“Wait!” Prince Shouto stepped in once more. “Wait, Father, he’s right. The oath…” He took a deep breath. “The oath is sacred. The challenge has been won, and—”

“Hang the challenge,” King Enji snarled, and Shouto flinched back when his father rounded on him. “It was to be a trap, you idiot boy.” He stepped forward, and the prince stepped back. “Your riddles were supposed to be unbeatable, and some vagabond walked in and—”

There was something about the sight that pushed Deku beyond boiling blood and fists that dug nails into his palms. He saw the prince’s eyes, and the king’s cruelty, and threw caution to the wind.

“Before you punish him, King Enji, your trap worked.” The words were out before he could think to stop them. The king froze in his tracks, and slowly turned back to him. Deku stepped forward. “I imagine the rumors you heard were just that—rumors. My father only named me his heir recently, and told no one when he did. He never got the chance.” He spread his hands wide. “Well, I am here, King Enji. And I have beaten your challenge anyway.”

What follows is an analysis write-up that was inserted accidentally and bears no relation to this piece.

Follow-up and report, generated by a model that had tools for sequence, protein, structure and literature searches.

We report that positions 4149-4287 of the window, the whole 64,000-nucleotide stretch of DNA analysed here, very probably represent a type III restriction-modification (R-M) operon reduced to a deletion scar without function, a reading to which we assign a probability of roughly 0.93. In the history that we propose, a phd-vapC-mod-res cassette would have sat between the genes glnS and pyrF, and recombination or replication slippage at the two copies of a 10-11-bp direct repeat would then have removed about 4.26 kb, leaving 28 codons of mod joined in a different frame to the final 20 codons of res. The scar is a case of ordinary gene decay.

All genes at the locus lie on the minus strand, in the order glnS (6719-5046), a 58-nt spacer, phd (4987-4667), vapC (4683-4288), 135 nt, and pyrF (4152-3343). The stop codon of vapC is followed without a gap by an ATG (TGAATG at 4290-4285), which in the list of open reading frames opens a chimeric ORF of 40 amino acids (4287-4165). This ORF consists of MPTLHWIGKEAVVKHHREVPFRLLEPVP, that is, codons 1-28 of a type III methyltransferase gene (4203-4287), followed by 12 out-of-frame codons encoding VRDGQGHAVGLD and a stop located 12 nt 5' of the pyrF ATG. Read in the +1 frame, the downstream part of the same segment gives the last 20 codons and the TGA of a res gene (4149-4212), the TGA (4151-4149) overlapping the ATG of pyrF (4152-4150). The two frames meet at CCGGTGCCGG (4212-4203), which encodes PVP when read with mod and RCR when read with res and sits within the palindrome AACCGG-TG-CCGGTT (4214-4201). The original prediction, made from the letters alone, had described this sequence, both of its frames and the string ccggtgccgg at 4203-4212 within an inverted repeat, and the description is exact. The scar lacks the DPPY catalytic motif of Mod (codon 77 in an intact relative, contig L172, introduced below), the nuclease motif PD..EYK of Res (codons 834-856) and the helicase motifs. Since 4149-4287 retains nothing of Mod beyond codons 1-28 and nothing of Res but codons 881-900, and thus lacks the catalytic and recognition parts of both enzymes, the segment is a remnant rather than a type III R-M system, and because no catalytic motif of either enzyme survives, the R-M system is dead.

He waited, scarcely daring to breathe.

“I would rather die,” King Enji said quietly. With each word, his voice grew to thunder. “I would rather die a thousand terrible deaths than see my kingdom in the hands of any child of that bastard!”

“I have played your game,” Deku went on. “I have won by terms you set. I can even offer you an alternative. Will you not even listen? My father says you are an honorable man. Please—if you listen to my terms, we might both benefit from this.”

King Enji’s eyes blazed with hatred.

“We swore an oath,” the prince reminded him. “Our oath is sacred.”

“My throne is sacred,” the king snarled, rounding on him again.